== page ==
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We’ve known for a while now that Uber has been charging riders based on what it thinks they will pay, not a fare based on distance and time. Uber confirmed that it had been overcharging riders with its “upfront pricing,” which uses machine learning to estimate how much customers are willing to pay for a ride.
A report from The Rideshare Guy explains more how this practice is being used on frequent riders, and also shares a few techniques on how to avoid it.
The report explains that Uber calculates its rates in the San Diego market based on miles traveled and time in the car. The author was making frequent UberX trips, on the same days of the week, between the airport and his home for business travel. After what used to be a $55 to $60 ride, the prices jumped from $70 to $80. There appeared to be no surge pricing in effect.
“I was always given an upfront fare 10-30% more than what the actual fare ended up being. I did this for a total of about 20 rides in San Diego and Sunnyvale, and the result was always the same,” Will Preston of The Rideshare Guy writes.
Preston also had his wife test the price of the same trip to the airport. She was offered a fare $10 less on the exact same route.
We tested this predictive pricing too. On a ride from the office to my apartment, I was quoted a higher price ($0.69 more) for the same UberX route than TPG Reviews Editor Nick Ellis. We opened up our app at the same time and entered the pickup and drop-off destinations simultaneously.
I tried it on a couple different routes with different coworkers’ accounts, and usually the price differences were minimal, less than a dollar, although we did find one time where the price was a few dollars more than the other. We also noticed that we were quoted different time estimates for each trip. Sometimes they were the same while at other points it could take five minutes longer for an Uber to get us to our desired destination.
So, how can you avoid this? According to The Rideshare Guy, there are a few ways. First, you can set your destination to an address in the relative vicinity of your actual destination and then, once you are in the car, you can update the address to your true destination. This should kick in the rates based on mileage and distance, not what Uber thinks you’re willing to pay.
The second way is enter a non-existent address when ordering a ride and then hit “Enter destination later.” Once you’re in the Uber you should be able to input your desired address and be charged by time and distance.
When Preston tested these methods he saved serious cash. Upfront pricing quoted him $79.82 for a ride to his house. When he entered his address mid-ride, the fare ended up being $63.83 or 20% less than he was originally quoted. As mentioned before, Preston tried this on about 20 rides and was usually quoted a price 10-30% higher than what he actually ended up paying.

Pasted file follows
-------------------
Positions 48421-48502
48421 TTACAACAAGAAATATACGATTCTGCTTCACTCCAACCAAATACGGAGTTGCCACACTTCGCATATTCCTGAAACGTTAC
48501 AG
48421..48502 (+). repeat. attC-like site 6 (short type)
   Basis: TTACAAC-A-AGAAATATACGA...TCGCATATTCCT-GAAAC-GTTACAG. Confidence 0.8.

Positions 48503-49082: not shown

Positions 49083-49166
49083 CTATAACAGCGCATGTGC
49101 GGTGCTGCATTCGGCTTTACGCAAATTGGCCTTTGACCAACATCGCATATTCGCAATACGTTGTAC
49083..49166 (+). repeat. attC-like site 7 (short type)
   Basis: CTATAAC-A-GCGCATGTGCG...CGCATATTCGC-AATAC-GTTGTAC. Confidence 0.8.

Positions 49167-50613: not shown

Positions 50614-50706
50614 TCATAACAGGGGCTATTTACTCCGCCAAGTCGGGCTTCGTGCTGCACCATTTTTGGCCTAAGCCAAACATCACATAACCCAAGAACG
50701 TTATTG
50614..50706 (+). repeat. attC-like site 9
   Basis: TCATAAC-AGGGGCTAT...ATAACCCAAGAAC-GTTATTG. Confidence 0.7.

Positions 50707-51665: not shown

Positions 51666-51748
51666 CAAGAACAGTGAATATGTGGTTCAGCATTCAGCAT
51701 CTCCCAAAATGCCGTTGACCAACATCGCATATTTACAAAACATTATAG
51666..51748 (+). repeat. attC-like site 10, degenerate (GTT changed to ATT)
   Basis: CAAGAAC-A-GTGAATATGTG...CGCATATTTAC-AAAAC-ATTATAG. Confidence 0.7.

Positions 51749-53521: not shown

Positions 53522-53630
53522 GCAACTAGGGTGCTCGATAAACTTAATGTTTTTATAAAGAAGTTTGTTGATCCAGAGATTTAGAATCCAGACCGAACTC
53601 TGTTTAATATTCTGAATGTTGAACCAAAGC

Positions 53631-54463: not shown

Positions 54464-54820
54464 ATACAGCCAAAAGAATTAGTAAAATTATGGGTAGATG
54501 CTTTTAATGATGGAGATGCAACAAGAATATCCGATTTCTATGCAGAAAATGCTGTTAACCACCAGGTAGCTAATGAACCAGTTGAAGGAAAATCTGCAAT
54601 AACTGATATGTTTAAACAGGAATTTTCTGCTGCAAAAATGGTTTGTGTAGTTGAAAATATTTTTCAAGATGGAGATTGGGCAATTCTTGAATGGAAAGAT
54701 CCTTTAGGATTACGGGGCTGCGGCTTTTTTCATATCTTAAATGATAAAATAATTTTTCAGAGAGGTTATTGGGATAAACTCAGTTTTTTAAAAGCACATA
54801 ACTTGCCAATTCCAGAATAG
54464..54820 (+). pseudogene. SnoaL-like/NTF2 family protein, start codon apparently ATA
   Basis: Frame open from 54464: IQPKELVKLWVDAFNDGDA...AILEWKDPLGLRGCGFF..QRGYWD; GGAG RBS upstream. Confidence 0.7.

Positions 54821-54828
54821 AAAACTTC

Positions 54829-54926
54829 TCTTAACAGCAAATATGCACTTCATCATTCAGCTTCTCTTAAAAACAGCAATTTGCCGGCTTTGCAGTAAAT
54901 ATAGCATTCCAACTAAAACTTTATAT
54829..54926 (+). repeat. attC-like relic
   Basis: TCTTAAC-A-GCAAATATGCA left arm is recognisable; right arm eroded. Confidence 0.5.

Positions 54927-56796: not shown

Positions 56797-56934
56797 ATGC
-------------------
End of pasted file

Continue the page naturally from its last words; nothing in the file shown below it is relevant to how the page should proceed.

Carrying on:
Within Uber’s FAQ for drivers on upfront pricing it actually states that if riders make destination changes or multiple stops, that drivers will be switched “to the normal time and distance calculations. Your earnings will still include any applicable surge.” This suggests that the same will go for the riders.
We tested the methods ourselves and the results varied. Disclaimer: these were all on different routes, so we didn’t match the methods employed in The Ride Share Guy’s story, who was testing it on the same routes. UberX rides were taken in all cases and the method of entering a non-existent address and inputting the destination once the ride started was used in almost every test:
|Quoted Price||Actual Price||Price Difference||Uber Fare Estimate Tool|
|$6.01||$10.46||+$4.45||$7 – $9|
|$35.74||$34.33||-$1.41||$22 – $30|
|$10.10||$12.03||+$1.93||$7 – $9|
|$14.73||$12.20||-$2.53||$13 – $17|
|$14.96||$12.40||-$2.56||$10 – $14|
|$45.63||$41.24||-$4.39||$33 – $42|
|$29.94||$25.29||-$4.65||$19 – $25|
|$10.42||$8.29||-$2.13||$8 – $10|
So while our results aren’t conclusive, we do know that fares tended to be lower than what Uber was quoting riders at with its upfront pricing. It’s possible that Uber’s upfront pricing may actually save you money, especially considering that the upfront price is locked in. If you enter your destination after you’ve started the ride you may have to pay more because of unsuspected traffic or route changes. Uber’s fare estimate tool usually can’t be relied on, especially factoring in surge pricing. Granted, the end fare was sometimes even lower than the low end of the estimate.
What we know is that Uber has dynamic pricing, it’s admitted that it’s charging some riders based on what it thinks they will pay and that upfront pricing can work against or in favor of riders’ wallets. Uber’s upfront pricing algorithm will surely evolve and it’s only a matter of time before the company announces another pricing scheme.
Featured image by studioEAST/Getty Images.
*This was the only time when we tested entering an address in the relative vicinity the actual destination then updated the address to the true destination once the ride began.
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